The story is centred on a child’s birthday party for Ronnie Jarman (Frank Barry) who we will find out is a vindictive little shit. The kids are feral as they fight and squabble over games much to the annoyance of Ronnie’s mother Alice (Clare Austin). There is a late arrival in the form of Milky Bar kid from hell Simon Potter (Michael Newport) formally dressed in a suit and tie. Despite having bought an expensive present for the horrible Ronnie he is instantly rejected by the other children. In the kitchen mother fills in the deprived background that Simon suffers to the audience and her friend. His father has recently died and he has to stay longer at school as there is no one at home to look after him as his mother has to work. Interesting to note that the play firmly sticks to gender roles of the period – Alice and her friend are at home supervising the party, Ronnie’s father is at work and poor Simon’s mum now has to work as her partner is deceased.
Back in the living room Ronnie suggests a new game getting the children to act out their father’s job for the others to guess. This has been deliberately set up to belittle and ostracise Simon as Ronnie knows his dad is dead. Ronnie’s father, Tom (Neil Hallett) arrives home carrying his new gardening equipment which includes a shiny new axe and hoe (Chekhov’s gardening tools). In the other room Simon has declined to act out his dad’s occupation and so Ronnie happily obliges by lying prostrate on the floor, his arms crossed across his chest in tranquil repose. Ronnie’s father enters before events spiral and Simon suggests a new game which is instantly rejected by the others. Instead Ronnie suggests a game of murder in the dark.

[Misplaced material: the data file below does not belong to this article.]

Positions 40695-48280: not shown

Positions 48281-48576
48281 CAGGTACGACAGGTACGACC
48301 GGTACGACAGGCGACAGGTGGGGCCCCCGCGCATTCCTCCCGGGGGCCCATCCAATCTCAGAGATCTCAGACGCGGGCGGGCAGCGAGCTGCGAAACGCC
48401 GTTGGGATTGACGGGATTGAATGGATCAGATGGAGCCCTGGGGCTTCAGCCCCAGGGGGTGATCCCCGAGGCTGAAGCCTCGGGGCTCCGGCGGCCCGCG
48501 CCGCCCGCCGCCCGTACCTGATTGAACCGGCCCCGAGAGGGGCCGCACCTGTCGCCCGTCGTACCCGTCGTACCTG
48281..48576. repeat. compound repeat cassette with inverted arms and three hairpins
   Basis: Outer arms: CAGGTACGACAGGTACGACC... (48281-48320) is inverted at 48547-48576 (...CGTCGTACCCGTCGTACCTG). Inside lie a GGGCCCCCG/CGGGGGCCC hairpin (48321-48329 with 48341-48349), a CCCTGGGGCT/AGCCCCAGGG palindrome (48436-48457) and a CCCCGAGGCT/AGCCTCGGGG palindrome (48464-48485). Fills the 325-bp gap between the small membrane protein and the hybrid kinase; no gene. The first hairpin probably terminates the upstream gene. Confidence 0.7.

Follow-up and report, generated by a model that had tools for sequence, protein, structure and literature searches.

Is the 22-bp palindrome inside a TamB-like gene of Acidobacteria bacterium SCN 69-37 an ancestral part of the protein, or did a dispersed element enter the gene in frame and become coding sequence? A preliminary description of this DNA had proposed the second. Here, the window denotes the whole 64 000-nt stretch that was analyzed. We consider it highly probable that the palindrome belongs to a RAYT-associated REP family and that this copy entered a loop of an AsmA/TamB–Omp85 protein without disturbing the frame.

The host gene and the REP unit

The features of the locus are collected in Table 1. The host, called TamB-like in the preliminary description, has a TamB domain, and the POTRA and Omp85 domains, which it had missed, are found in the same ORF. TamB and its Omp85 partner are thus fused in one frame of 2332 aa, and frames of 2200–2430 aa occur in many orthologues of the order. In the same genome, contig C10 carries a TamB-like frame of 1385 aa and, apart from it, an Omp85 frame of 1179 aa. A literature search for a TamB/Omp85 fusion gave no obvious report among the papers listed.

In the kitchen Tom says he suspects the others are punishing Simon for gate crashing. The game commences and Ronnie offers Simon a good hiding place and promptly locks him in an upstairs cupboard. Meanwhile Tom sets out to store his new tools and hears knocking from the upstairs cupboard. To say anymore will spoil the ending, but it is easy to see why the episode was considered so shocking at the time of original transmission. It has a very graphic, gruesome Grand-Guignol denouement which would be tricky to justify showing even in the present day.
The accompanying book with the DVD is a complete guide to the entire series written by Colin Cutler and Steve Rogers. It is extremely rich in detail as it tracks the series from its origins through to broadcast and reception. Each episode is given a synopsis and an individual production history in minute detail. Other sections examine unused storylines and explain the restoration of the episode. Johnny Mains supplies an equally detailed biography of John Burke which outlines his work as a writer and editor. The contents of the book cannot be faulted.